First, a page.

With an endorsement from Democratic presidential candidate Bernie Sanders and the passage of new wage laws in California, New York and the District of Columbia, the “Fight for $15” minimum wage campaign has gained a lot of traction since its beginnings in a November 2012 strike by fast food workers in New York City.

Advanced with support from unions like SEIU and such politicians as Sanders and New York Mayor Bill de Blasio, the growing campaign for a nationwide $15 minimum wage has also sought and received the NLRB’s protection from unlawful employer responses.

Putting aside the question whether more than doubling the federal minimum wage would be a good choice for the labor market, the board’s protection of the wage debate represents an important recent victory for labor activism.

‘Show Me’ why I come to work

In Chipotle Services, LLC, 363 NLRB No. 37, 204 LRRM 1974 (2015), the NLRB considered charges regarding the fast food chain’s response to the Mid-South Organizing Committee’s “Show Me 15” campaign at a St. Louis, Mo., location.

One of the restaurant’s employees participated in three protests around St. Louis, missed work to go to two of the protests, and later missed work again to attend a union trip.

‘Parting ways’

After the employee discussed the higher $11 hourly wage of a co-worker with fellow employees and two managers, a supervisor told him not to talk about wages in the workplace and warned of “parting ways” if it happened again.

Later the same month, union organizers visited the restaurant and spoke with employees. The same supervisor followed an organizer into the parking lot when he left to talk to a worker who came to pick up his pay stub. The supervisor told the worker that he didn’t need to talk to the organizer and said that the worker could make “plenty of money” with the employer, “up to $30,000 to $40,000.”

After organizers came back a second day to talk to the supervisor about his alleged threats to employees, the supervisor discharged the activist employee for failing to show up for an all-store meeting the prior Sunday morning.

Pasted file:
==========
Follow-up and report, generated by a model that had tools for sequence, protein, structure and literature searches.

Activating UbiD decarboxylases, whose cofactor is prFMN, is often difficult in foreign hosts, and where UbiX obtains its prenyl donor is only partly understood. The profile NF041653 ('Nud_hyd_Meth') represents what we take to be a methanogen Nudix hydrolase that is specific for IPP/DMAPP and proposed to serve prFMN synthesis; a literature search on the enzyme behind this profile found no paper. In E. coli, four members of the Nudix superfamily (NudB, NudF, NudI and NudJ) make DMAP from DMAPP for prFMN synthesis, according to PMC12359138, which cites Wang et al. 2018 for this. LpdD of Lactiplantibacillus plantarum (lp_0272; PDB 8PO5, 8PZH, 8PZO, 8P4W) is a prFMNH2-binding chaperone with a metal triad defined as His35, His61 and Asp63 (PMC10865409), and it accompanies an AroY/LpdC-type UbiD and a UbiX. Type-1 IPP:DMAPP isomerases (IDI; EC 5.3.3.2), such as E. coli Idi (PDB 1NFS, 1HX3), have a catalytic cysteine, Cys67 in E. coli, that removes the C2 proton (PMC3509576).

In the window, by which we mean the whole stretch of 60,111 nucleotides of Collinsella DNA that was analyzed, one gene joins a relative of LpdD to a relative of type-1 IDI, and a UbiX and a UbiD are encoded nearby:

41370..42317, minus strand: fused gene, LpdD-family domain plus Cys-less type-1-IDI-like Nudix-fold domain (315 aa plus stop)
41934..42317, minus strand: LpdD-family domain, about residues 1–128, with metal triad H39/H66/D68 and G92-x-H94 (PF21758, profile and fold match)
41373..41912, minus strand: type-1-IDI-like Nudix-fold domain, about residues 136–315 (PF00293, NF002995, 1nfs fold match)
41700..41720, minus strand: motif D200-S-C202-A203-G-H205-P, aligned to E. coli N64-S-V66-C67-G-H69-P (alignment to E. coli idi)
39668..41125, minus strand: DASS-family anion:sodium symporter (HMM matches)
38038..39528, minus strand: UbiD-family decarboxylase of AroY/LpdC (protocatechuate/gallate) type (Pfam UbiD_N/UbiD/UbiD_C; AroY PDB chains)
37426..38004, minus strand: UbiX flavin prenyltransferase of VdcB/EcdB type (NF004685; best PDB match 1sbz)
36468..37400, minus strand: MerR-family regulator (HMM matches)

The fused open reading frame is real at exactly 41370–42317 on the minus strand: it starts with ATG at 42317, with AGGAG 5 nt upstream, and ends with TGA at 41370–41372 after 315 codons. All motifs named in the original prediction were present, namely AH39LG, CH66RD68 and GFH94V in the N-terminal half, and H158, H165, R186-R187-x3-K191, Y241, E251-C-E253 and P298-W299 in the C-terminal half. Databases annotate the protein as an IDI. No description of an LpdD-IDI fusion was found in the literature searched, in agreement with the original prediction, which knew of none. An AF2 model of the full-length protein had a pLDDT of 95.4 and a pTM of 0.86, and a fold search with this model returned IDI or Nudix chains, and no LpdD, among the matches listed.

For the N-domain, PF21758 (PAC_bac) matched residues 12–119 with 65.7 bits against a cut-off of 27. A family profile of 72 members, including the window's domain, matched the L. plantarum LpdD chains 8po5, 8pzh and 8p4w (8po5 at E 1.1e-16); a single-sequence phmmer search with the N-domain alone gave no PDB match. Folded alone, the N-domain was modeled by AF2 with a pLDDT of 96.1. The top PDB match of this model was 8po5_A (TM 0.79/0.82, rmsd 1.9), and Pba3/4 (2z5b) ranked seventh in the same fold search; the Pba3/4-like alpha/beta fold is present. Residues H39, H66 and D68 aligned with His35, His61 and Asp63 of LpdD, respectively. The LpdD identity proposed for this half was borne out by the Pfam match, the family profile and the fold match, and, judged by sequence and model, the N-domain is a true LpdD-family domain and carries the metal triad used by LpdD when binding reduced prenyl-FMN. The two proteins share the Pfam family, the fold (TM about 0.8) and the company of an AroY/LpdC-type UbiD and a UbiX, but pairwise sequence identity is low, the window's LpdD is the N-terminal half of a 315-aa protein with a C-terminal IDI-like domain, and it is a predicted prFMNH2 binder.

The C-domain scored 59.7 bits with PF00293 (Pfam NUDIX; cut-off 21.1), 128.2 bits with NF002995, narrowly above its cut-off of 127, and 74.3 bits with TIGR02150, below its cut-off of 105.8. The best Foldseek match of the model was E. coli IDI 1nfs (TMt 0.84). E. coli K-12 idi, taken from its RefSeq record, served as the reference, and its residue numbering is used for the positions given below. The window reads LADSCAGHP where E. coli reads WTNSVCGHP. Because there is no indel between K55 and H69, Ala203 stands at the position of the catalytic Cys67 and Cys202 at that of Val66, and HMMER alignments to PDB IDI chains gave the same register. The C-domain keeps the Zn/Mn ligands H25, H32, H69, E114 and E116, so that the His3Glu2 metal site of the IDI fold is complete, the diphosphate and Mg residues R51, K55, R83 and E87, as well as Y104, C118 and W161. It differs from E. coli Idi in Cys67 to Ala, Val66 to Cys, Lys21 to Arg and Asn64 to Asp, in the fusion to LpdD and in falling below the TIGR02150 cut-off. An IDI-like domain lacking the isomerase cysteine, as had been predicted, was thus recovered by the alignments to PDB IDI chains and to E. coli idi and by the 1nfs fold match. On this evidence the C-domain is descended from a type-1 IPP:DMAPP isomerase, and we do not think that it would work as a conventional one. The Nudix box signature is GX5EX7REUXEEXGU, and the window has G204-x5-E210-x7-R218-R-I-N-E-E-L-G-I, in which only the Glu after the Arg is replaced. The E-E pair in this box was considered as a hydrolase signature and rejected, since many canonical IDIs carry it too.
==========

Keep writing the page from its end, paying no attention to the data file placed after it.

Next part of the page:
The union filed unfair-labor-practice charges, and the board’s General Counsel issued a complaint alleging violations of Sections 8(a)(1) and (3) of the NLRA.

A union by any other name…

The board first found that the Mid-South Organizing Committee is a “labor organization” as defined by the NLRA. The employer had denied knowledge or belief on this point.

Among other things, the board reasoned that the committee’s aims are to unite fast-food workers in an effort to improve wages, that it meets with employers on behalf of employees, and that it registered with the U.S. Department of Labor by filing forms LM-1 and LM-2.

Unfair labor practices

Taking up the charges, the board found that the supervisor unlawfully interrogated employees about their wage discussions and unlawfully told employees that they could not talk about wages. The board found that the “parting ways” comment was an unlawful threat of discharge for engaging in activities protected by Section 7 of the NLRA, and it found that the supervisor’s comments to the worker in the parking lot were an unlawful promise of economic benefit intended to coerce the worker.

Maybe most importantly, the board found the discharge of the activist employee unlawful. It reasoned that he was warned not to discuss wages with co-workers, that he was discharged soon thereafter, and that other employees with similar work records who missed meetings weren’t fired.

Taking it to the bank

Though specific to events at one restaurant, the NLRB’s findings against the employer were significant.

The case reminded Chipotle and other fast food employers facing $15 wage campaigns that they were likely dealing with concerted activities protected by the NLRA and possibly subject to the board’s scrutiny.

It also showed both employers and unions that a hefty back-pay order and bad publicity could be their eventual reward for discharging an employee based on his or her minimum wage activism.

Finally, the case marked an important step in the legitimation of “Fight for $15” as an emblem of the grassroots economic anxieties that candidates such as Sanders have tapped this election cycle.

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